Wednesday, 17 April 2013

What is your dream?

I have been thinking about dreams this week. I am beginning the teaching for Of Mice and Men, and I wanted to start by looking at the American Dream, so I asked the students to draw a picture of their dream future. This is the kind of thing they drew:

Granted, they're not art students! The thing that surprised me was that they all seemed to have such realistic, normal dreams. One male student said he wanted to be a primary school teacher or teaching assistant. Another said a nurse. Another one said a social worker. They all said they wanted to own a house. Occasionaly, they wanted a mansion, but most just wanted a normal life with a normal amount of money.

This links closely into the American dream - having a secure home, a career and a family. I was surprised that these things hadn't really changed.

I was wondering if it made a difference that they were aged 16-18. I guess by this time, they realise that they won't become a famous actor, footballer or musician but that a simple and secure life is important. They are more realistic, rather than having big dreams. Saying that, one student did say he wanted to be Batman, but I think he was just saying that for effect.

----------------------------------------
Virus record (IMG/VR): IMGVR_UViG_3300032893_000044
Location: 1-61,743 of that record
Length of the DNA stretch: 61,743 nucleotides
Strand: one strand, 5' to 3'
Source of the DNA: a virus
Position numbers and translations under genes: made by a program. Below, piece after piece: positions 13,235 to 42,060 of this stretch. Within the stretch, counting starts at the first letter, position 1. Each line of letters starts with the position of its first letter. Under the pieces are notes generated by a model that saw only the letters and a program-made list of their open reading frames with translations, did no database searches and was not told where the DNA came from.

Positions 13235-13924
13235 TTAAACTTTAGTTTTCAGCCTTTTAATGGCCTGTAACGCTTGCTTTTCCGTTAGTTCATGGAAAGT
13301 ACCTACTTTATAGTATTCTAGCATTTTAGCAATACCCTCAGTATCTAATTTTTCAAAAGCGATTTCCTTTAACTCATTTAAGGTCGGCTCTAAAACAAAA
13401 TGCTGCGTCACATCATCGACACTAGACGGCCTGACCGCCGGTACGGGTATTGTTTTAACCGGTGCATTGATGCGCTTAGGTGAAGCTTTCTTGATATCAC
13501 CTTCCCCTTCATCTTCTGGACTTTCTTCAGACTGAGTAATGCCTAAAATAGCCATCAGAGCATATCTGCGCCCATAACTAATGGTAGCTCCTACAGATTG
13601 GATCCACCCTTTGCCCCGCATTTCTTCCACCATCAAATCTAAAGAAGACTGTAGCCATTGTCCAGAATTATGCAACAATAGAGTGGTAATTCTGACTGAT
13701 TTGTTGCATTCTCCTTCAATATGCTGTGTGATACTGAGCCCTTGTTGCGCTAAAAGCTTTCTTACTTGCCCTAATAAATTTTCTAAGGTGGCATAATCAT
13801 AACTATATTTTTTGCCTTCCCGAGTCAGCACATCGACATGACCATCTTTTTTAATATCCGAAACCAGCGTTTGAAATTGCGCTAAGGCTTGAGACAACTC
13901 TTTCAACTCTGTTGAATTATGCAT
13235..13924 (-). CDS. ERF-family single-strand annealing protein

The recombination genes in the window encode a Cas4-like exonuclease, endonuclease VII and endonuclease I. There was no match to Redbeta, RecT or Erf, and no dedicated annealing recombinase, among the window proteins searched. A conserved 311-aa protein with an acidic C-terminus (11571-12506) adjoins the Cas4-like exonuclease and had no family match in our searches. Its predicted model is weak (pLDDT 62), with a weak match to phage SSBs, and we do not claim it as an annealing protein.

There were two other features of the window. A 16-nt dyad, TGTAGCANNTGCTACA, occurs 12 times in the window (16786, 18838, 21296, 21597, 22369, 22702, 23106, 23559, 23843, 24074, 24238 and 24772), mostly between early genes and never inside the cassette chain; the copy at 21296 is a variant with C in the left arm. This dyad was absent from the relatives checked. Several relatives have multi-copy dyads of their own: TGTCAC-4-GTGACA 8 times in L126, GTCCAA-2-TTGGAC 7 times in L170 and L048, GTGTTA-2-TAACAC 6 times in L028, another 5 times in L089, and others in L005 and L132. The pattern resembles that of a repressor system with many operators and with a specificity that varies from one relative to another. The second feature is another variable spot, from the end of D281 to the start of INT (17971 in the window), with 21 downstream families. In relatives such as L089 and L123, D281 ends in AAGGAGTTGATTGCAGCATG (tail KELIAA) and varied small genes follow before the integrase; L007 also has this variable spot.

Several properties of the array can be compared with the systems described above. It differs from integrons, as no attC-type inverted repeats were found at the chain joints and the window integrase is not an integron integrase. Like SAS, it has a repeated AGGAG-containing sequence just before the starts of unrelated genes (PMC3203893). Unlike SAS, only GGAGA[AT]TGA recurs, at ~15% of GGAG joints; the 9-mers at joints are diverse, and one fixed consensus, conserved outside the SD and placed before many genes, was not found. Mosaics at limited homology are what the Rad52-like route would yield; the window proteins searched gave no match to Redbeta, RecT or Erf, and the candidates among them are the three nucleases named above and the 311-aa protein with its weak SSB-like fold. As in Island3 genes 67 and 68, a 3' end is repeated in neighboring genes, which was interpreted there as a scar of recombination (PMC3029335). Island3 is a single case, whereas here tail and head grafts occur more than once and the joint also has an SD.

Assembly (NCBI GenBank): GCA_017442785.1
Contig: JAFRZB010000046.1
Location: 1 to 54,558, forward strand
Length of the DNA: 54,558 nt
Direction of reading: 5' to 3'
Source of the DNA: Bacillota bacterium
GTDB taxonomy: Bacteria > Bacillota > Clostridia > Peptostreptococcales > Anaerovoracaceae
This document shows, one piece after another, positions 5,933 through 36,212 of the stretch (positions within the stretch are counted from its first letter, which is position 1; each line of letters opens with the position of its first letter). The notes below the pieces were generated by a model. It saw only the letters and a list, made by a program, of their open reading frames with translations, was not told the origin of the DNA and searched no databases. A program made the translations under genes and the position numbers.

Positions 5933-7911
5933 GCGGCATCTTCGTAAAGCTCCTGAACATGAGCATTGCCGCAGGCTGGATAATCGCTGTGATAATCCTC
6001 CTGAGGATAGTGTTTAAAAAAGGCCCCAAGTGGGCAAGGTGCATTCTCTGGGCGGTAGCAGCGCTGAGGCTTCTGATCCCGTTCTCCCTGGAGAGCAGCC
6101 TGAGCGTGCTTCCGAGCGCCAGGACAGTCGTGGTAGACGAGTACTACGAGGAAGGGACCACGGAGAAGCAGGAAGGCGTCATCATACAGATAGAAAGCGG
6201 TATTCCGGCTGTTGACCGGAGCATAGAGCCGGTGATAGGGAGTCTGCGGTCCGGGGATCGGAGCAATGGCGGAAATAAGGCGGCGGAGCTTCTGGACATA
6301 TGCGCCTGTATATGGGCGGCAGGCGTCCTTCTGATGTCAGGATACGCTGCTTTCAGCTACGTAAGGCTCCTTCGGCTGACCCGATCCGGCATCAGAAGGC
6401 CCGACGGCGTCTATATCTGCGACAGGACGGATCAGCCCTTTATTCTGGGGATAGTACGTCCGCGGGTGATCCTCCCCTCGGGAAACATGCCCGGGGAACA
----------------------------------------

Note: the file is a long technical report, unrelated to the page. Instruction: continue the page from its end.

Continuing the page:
The thing is, this life used to be much more achievable. These students are ones that have got a D in GCSE English before, and much lower in other subjects, and many are probably going to achieve a D again. It's not that they're not intelligent in their own ways, but many of them lack the willpower to force themselves to study and revise, and would never cope with a University course. Without being able to study at degree level they greatly reduce their chance of making a high income. They definitely could, but it isn't the same as 30 years ago where you could much more easily walk into a job and work your way through the company.

Many of these students will struggle to own a house. I would struggle to own a house, and I'm a teacher with a social worker boyfriend. We are professional people, yet we can't afford a good deposit and it will take years of saving. These students have such basic hopes and even these are difficult to achieve for this generation. It makes me sad that fairly average young people, who are willing to put in a fair, but not immense amount of work, are never going to get rewards. Of course, the extremely hardworking among them will claw their ways into decent positions, but not everyone has those levels of motivation, or should be expected to.

What are your views? Do you realistic dreams for the future? Do you think your dreams are achievable?

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